- According to legend, Shiva gave the Siddha medical system to his consort Parvati, who handed it on to Nandhidevar, who transmitted it on to the 18 Siddhars. As a result, it is referred to as ‘Shiva Sampradayam’ or ‘Siddha Sampradayam.’
- The Siddha branch of medicine has produced a variety of medications, each containing a unique combination of metals, minerals, and other substances.
- Uppu: This medication system consists of 25 different water-soluble inorganic compounds made up of various alkalis and salts.
- Sulphur and mercury have an essential part in Siddha medicine.
- The natural medications make up half of the total, while the synthetic drugs make up the other half.
- Metals such as gold, silver, copper, lead, and iron are also often utilized in the manufacturing of various medicines.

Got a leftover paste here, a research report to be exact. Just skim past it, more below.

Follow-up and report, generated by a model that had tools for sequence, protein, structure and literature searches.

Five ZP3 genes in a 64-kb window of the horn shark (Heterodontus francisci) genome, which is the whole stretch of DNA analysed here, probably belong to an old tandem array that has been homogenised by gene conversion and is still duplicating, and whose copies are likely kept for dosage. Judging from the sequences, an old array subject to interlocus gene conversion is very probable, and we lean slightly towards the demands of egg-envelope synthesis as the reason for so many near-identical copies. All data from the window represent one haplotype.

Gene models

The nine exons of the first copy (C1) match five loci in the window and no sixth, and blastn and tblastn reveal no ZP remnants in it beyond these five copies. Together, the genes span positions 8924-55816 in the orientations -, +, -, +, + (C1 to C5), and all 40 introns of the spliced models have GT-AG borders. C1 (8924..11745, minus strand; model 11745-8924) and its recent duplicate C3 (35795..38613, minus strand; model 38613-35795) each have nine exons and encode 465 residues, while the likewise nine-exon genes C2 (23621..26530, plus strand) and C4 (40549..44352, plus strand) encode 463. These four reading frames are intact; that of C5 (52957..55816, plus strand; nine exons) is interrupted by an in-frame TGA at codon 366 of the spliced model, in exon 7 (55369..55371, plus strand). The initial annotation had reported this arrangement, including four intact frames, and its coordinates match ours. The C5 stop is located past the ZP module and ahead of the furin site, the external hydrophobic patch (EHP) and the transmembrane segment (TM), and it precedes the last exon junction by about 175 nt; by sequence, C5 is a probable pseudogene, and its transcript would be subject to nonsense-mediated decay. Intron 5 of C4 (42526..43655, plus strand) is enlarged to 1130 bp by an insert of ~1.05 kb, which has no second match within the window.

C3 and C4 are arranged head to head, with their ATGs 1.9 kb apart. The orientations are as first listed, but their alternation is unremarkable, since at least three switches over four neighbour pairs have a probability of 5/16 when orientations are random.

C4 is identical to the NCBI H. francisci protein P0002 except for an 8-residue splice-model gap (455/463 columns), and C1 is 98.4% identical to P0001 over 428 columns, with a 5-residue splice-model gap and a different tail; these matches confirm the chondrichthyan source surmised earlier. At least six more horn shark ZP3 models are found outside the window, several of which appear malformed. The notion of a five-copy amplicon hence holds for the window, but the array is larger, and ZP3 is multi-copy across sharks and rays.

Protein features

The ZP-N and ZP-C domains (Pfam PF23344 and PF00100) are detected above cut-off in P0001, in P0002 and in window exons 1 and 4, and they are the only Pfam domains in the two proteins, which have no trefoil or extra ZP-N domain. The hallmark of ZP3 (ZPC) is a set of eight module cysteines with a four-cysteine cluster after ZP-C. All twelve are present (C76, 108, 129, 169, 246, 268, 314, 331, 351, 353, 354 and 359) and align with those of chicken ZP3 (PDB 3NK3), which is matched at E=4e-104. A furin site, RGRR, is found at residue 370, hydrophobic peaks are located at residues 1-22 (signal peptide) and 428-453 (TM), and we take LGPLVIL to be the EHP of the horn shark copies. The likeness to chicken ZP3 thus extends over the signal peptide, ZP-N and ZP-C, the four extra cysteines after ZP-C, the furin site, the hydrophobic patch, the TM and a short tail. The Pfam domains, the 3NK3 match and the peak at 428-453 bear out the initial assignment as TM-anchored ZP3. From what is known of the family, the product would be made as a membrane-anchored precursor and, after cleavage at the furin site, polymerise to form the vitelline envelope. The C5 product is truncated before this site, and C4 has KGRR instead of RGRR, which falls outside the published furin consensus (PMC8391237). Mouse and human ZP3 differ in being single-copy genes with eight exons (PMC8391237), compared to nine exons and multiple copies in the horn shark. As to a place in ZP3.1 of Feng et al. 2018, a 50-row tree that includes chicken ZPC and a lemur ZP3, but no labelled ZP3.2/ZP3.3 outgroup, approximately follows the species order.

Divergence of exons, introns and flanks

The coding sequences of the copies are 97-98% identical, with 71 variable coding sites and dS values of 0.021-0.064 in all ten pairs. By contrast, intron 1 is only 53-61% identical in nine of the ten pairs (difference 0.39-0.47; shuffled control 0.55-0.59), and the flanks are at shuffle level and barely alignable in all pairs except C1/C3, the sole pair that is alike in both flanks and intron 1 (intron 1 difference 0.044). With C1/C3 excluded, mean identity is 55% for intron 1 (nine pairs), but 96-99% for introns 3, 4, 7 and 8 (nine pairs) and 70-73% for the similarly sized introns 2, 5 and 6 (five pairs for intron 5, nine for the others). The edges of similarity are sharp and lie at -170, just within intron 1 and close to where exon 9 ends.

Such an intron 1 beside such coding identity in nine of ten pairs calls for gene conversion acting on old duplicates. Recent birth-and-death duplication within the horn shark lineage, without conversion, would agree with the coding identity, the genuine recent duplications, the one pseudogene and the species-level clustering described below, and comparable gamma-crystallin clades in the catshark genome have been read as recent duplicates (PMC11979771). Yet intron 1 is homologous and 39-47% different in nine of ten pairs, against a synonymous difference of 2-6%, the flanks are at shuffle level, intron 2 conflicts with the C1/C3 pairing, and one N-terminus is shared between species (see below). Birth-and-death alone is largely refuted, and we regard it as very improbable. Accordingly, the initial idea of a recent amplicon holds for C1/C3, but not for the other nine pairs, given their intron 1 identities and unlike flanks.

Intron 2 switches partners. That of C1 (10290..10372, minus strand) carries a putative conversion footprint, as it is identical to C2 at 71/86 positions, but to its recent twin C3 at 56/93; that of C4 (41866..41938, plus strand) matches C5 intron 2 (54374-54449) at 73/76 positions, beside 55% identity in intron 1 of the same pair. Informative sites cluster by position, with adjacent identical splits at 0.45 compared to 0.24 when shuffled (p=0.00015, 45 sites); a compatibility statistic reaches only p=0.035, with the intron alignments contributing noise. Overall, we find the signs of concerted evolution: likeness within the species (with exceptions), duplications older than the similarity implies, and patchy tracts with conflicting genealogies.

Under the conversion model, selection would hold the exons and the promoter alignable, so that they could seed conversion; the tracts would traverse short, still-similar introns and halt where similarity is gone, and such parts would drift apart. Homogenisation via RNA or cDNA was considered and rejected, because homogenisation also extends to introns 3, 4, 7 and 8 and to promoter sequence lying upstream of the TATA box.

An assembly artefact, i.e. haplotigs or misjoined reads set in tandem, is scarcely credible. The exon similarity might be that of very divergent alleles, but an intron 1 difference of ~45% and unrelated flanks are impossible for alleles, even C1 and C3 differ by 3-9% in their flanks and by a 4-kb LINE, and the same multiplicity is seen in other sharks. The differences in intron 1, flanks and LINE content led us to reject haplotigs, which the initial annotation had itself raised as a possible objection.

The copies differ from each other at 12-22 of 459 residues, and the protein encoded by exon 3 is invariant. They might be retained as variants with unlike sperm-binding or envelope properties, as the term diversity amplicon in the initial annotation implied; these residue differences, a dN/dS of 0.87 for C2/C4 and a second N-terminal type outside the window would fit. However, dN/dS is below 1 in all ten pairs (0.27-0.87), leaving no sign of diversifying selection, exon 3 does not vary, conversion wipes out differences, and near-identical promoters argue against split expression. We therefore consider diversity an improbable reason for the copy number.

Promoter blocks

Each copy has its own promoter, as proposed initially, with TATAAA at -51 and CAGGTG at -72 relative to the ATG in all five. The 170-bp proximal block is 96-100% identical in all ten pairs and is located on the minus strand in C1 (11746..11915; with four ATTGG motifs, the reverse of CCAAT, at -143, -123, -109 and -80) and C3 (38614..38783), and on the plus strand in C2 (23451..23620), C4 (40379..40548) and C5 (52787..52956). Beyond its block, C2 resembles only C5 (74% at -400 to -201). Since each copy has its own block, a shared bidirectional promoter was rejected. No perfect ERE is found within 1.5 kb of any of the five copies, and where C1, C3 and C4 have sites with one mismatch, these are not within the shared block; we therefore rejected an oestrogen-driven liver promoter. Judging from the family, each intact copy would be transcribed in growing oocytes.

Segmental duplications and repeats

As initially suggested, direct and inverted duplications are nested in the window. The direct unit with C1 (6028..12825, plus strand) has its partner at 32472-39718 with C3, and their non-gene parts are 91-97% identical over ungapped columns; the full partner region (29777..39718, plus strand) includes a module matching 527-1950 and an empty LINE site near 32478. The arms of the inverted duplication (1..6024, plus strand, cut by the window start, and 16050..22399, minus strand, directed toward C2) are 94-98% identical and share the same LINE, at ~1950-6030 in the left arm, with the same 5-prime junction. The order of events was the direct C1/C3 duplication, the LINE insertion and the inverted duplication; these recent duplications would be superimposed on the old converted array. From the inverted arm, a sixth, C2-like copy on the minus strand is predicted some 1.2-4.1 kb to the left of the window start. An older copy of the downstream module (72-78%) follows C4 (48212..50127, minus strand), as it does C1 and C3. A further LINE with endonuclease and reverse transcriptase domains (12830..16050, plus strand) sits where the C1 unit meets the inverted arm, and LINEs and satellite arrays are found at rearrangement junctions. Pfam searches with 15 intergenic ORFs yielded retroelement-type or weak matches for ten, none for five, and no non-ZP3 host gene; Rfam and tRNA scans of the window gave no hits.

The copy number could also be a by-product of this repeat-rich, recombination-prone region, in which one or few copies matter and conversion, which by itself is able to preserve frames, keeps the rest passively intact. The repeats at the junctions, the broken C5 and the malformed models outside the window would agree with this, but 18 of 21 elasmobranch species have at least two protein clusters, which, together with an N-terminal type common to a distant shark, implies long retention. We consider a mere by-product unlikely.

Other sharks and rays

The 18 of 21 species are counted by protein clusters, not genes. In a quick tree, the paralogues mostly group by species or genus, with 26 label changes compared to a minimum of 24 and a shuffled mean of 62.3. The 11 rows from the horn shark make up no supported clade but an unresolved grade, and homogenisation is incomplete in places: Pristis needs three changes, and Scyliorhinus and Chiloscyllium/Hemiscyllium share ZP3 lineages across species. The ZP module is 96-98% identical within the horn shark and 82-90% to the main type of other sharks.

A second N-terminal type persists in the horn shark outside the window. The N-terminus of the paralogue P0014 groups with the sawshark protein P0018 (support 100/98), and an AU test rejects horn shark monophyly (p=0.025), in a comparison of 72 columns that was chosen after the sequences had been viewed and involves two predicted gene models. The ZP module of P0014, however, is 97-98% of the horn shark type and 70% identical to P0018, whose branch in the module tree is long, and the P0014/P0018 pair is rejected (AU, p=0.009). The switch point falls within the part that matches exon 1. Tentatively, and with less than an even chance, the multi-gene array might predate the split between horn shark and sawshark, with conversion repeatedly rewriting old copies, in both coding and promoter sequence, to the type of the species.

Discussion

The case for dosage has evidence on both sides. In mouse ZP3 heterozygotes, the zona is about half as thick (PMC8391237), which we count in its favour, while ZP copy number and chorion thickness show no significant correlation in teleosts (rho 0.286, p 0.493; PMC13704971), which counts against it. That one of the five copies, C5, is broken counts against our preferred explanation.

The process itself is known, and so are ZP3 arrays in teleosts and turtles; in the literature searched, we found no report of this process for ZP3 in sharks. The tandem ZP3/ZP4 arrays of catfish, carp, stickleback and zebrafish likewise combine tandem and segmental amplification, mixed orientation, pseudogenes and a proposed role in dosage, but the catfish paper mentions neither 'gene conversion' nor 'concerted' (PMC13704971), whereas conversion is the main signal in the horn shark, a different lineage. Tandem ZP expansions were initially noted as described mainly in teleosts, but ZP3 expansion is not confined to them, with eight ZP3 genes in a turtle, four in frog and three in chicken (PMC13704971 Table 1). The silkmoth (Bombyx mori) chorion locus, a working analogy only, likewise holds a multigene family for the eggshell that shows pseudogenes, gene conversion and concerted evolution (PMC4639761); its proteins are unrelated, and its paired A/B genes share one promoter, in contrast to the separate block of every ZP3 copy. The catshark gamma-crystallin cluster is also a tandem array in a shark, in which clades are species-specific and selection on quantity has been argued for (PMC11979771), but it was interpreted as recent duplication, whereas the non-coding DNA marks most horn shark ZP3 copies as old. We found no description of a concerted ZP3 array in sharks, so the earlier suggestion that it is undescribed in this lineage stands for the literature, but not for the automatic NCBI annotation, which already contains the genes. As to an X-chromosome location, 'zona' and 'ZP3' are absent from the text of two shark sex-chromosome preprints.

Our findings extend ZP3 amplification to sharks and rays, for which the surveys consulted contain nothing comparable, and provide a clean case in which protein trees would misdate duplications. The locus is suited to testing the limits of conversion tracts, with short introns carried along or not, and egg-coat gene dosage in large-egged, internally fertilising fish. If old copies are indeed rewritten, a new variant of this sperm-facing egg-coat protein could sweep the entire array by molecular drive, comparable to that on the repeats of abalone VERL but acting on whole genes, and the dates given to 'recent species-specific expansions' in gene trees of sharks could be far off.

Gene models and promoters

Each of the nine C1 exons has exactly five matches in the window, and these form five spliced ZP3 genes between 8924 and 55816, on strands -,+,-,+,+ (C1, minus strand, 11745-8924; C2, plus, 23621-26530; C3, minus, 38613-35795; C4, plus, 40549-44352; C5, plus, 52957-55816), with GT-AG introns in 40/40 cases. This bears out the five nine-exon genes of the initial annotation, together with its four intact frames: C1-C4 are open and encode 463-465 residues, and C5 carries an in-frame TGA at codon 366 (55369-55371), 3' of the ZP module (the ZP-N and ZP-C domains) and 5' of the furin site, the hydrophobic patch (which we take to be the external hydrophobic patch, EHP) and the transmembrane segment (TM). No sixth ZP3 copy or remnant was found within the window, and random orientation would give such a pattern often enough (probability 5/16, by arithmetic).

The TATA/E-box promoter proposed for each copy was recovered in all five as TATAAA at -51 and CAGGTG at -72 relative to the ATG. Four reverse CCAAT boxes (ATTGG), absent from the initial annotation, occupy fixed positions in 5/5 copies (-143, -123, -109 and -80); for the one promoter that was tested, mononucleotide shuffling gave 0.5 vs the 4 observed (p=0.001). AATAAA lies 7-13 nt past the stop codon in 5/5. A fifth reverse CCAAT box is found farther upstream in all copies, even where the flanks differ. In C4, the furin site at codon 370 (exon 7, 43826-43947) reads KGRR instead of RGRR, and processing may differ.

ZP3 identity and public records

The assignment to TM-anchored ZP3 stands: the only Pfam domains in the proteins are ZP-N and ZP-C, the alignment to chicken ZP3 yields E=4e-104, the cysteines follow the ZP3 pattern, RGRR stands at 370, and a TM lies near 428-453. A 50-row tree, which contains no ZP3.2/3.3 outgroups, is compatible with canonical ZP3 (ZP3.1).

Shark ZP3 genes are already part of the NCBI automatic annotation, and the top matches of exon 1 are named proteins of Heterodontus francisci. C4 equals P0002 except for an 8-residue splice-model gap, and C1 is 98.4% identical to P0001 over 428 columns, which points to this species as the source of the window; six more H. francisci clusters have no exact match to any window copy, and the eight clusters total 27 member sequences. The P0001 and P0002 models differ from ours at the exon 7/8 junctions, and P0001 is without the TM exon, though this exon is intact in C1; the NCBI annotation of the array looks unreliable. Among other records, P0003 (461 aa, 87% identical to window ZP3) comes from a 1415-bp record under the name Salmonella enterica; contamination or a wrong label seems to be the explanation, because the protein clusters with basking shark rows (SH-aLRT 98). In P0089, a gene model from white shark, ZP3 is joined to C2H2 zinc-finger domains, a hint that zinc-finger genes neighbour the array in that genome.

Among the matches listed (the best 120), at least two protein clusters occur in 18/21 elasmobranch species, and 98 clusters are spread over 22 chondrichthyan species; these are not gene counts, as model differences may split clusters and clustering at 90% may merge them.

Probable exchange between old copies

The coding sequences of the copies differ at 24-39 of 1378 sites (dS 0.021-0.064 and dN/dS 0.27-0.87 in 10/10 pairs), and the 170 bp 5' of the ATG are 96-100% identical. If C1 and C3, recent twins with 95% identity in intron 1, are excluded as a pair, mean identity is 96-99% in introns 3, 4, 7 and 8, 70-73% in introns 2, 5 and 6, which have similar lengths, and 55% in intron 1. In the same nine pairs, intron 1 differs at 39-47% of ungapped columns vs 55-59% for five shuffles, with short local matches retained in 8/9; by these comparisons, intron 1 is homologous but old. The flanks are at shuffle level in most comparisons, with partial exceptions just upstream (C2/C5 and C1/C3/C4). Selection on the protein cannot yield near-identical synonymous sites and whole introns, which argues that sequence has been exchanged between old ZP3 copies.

- Seven more medications are heated, but they emit vapours and do not dissolve in water.
- Mercury is employed in five various forms in Panchasutha, including rasam (mercury), lingam (mercury red sulphide), veram (mercury perchloride), pooram (mercury subchloride), and rasa-chinduram (mercury subchloride) (red oxide of mercury)
Siddha System Global Scenario
- Siddha is a Dravidian religion practiced largely in southern India, Sri Lanka, Malaysia, Singapore, Mauritius, and other South-East Asian countries.
- The Siddha system of medicine is practiced in Sri Lanka, Malaysia, and Singapore, where there is a strong Tamil population.
- The Malaysian government regulates Siddha practice, registering practitioners under the Traditional and Complementary Medicine (TCM) division.
- Siddha education is provided in Sri Lanka via a department linked with Jaffna University and another institute affiliated with Eastern University in the Trincomalee Campus (undergraduate course).
Siddha System of Medicine – UPSC Notes PDF Download